Allocatable arrays in MODULE vs. passing them as arguments ?

Allocatable arrays in MODULE vs. passing them as arguments ?

I would like to ask a question about allocatable arrays. What I currently have in my application is that 3D arrays are allocated in the main program and they are passed to subroutines as arguments. A simplified example would be:

! contents of dimensions.inc'
integer(4) :: nx, ny, nz
COMMON /dimensionsCommon/ nx, ny, nz

! main program
program Test
include 'dimensions.inc'
real(8), dimension(:,:,:), allocatable :: Array
allocate( Array(ny,ny,nz), STAT=allocationStatus )
call initializeArray( Array )
! ...
end

! another file
subroutine initializeArray( Array )
include 'dimensions.inc'
real(8) :: Array(nx,ny,nz)
! ...
return
end

My application is far more complicated - tens of 3D arrays are passed this way to subroutines that pass them to other subroutines and functions. I am considering having the allocatable arrays in modules and using the command use instead of passing the arrays as arguments, but I would like to ask first of all whether such a change (in a huge code) makes any sense. Does any of the approaches have a significant impact on the performance and the application speed? It is possible to say which approach is the best from the performance point of view?

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For performance, putting the variables in a module is slightly better because there is non-zero time taken in pushing the arguments onto the stack. Do whatever makes the most sense for your application. In general, though, avoid global variables as they inhibit parallelization.

Steve - Intel Developer Support

Thank you for you clear answer and let me ask one more question - I use OpenMP paralellization a lot, so did you mean by your last statement that if I have allocatable arrays in a module and work with these arrays inside a parallel block then this block would not be run parallel? Put another way - if I change the example from above and the allocatable array Array is in a module that is used by a subroutine (instead of passing Array as an argument), and if the subroutine contains a parallel region that works with Array, would that be a problem?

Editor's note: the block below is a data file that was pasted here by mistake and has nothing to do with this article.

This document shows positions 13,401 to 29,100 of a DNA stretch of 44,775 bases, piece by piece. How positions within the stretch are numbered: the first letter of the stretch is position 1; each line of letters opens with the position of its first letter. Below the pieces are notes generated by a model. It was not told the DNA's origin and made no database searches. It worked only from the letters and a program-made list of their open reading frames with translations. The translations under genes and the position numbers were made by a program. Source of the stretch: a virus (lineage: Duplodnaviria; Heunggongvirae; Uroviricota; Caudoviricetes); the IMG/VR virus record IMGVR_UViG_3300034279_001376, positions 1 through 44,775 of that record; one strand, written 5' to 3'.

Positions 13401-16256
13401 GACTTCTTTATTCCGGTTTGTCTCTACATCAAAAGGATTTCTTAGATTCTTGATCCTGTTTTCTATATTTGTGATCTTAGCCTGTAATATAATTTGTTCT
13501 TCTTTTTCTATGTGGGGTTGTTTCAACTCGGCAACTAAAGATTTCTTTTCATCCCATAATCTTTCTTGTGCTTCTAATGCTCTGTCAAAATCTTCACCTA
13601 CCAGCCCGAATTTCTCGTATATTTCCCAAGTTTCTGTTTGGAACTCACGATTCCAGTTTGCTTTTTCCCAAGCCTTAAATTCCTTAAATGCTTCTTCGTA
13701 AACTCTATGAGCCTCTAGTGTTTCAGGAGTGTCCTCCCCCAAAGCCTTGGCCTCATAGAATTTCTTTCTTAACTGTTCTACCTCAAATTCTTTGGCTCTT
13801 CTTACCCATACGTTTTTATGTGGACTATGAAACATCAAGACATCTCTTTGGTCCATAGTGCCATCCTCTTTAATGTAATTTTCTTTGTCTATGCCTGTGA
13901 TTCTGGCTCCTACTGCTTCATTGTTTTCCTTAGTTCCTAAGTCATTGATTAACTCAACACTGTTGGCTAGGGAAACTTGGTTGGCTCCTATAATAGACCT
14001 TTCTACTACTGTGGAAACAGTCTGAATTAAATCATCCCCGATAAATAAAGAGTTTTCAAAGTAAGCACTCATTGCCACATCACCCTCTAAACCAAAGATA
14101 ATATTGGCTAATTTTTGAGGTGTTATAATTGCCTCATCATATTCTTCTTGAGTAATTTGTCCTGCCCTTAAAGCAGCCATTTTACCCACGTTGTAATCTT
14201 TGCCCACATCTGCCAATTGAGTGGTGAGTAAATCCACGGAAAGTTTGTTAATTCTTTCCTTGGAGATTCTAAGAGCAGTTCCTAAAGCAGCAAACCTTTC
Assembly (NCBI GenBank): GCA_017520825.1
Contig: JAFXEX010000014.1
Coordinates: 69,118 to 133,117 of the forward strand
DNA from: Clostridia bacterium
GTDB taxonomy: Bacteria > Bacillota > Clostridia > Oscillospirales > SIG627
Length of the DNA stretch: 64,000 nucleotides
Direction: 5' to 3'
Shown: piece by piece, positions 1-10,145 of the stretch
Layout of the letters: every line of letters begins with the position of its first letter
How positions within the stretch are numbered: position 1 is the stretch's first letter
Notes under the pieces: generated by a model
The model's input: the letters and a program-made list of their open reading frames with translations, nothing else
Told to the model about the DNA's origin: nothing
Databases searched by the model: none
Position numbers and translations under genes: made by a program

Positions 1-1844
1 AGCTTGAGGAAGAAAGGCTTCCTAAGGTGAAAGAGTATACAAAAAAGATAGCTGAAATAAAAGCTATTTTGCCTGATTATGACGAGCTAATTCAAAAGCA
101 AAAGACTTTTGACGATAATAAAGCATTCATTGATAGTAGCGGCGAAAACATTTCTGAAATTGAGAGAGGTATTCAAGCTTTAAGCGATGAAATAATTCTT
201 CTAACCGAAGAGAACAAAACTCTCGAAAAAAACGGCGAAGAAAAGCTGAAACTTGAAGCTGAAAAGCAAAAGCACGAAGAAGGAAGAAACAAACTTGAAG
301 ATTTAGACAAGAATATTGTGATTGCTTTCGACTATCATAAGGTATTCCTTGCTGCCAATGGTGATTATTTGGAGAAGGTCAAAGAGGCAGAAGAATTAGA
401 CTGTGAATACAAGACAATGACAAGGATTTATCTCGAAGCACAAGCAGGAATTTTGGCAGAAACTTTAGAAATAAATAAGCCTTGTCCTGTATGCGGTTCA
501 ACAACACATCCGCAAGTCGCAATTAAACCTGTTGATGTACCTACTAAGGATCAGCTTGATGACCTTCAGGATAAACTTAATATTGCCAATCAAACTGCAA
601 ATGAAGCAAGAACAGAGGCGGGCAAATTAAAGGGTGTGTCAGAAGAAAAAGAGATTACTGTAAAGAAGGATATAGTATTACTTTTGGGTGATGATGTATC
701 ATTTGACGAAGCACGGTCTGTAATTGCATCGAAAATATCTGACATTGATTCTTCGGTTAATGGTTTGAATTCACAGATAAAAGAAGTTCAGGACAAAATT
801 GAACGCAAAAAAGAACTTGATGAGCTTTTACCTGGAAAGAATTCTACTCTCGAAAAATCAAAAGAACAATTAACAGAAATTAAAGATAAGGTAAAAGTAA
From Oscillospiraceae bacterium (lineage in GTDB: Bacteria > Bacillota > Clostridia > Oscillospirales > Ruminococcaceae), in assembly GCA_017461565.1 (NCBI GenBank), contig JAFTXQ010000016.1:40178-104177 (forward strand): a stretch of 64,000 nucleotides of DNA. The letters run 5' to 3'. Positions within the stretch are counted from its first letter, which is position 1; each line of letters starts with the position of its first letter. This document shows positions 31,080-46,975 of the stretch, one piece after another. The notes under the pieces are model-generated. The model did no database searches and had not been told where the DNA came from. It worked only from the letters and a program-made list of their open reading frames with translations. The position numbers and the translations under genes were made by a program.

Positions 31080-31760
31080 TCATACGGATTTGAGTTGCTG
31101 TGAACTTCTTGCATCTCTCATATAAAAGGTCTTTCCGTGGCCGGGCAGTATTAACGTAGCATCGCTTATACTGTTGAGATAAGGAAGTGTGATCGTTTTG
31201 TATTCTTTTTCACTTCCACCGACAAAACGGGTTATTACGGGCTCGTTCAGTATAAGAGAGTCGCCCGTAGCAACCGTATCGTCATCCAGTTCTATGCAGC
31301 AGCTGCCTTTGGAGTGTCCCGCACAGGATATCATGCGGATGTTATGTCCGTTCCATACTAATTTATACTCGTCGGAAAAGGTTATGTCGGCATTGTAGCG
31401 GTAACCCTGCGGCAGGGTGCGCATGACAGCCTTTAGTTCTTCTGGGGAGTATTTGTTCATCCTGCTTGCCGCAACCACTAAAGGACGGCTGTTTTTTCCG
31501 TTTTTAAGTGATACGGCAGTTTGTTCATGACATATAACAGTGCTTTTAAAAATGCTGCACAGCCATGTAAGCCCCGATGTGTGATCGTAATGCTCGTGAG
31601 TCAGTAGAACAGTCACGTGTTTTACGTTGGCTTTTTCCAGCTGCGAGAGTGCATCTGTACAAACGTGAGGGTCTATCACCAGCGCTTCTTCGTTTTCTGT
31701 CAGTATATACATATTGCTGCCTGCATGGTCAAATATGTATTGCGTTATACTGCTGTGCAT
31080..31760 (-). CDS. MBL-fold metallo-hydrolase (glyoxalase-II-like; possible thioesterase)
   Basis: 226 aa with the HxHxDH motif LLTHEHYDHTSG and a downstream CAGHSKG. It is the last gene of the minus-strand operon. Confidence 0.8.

It's really more a problem when you're using global variables to keep track of work done in multiple threads. For array operations that are parallelized, it wouldn't be an issue.

Steve - Intel Developer Support

ISteve, I understand the savings from not pushing arguments on the stack, but is there a hit from addressing the module variables in a different way, in space or time?

 

 

No - that's quite simple.

Steve - Intel Developer Support

When an array in a module is dimensioned using parameters as opposed to an array coming in as an argument with unknown (to the compiler) dimensions, then the space/time access to the module array can be smaller/faster (at least no worse). When the module array is allocatable then you would see no/little difference (other than the time for pushing the address of the array descriptor onto stack or into register). In the case of the allocatable array in module, the address of the descriptor can be compiled in as a base address (immediate value), thus potentially a) eliminating a load of the array descriptor address from stack, or b) releives requirement for array descriptor address brom being held/cached in register. Note, simple test programs will likely not show a difference.

Jim Dempsey

www.quickthreadprogramming.com

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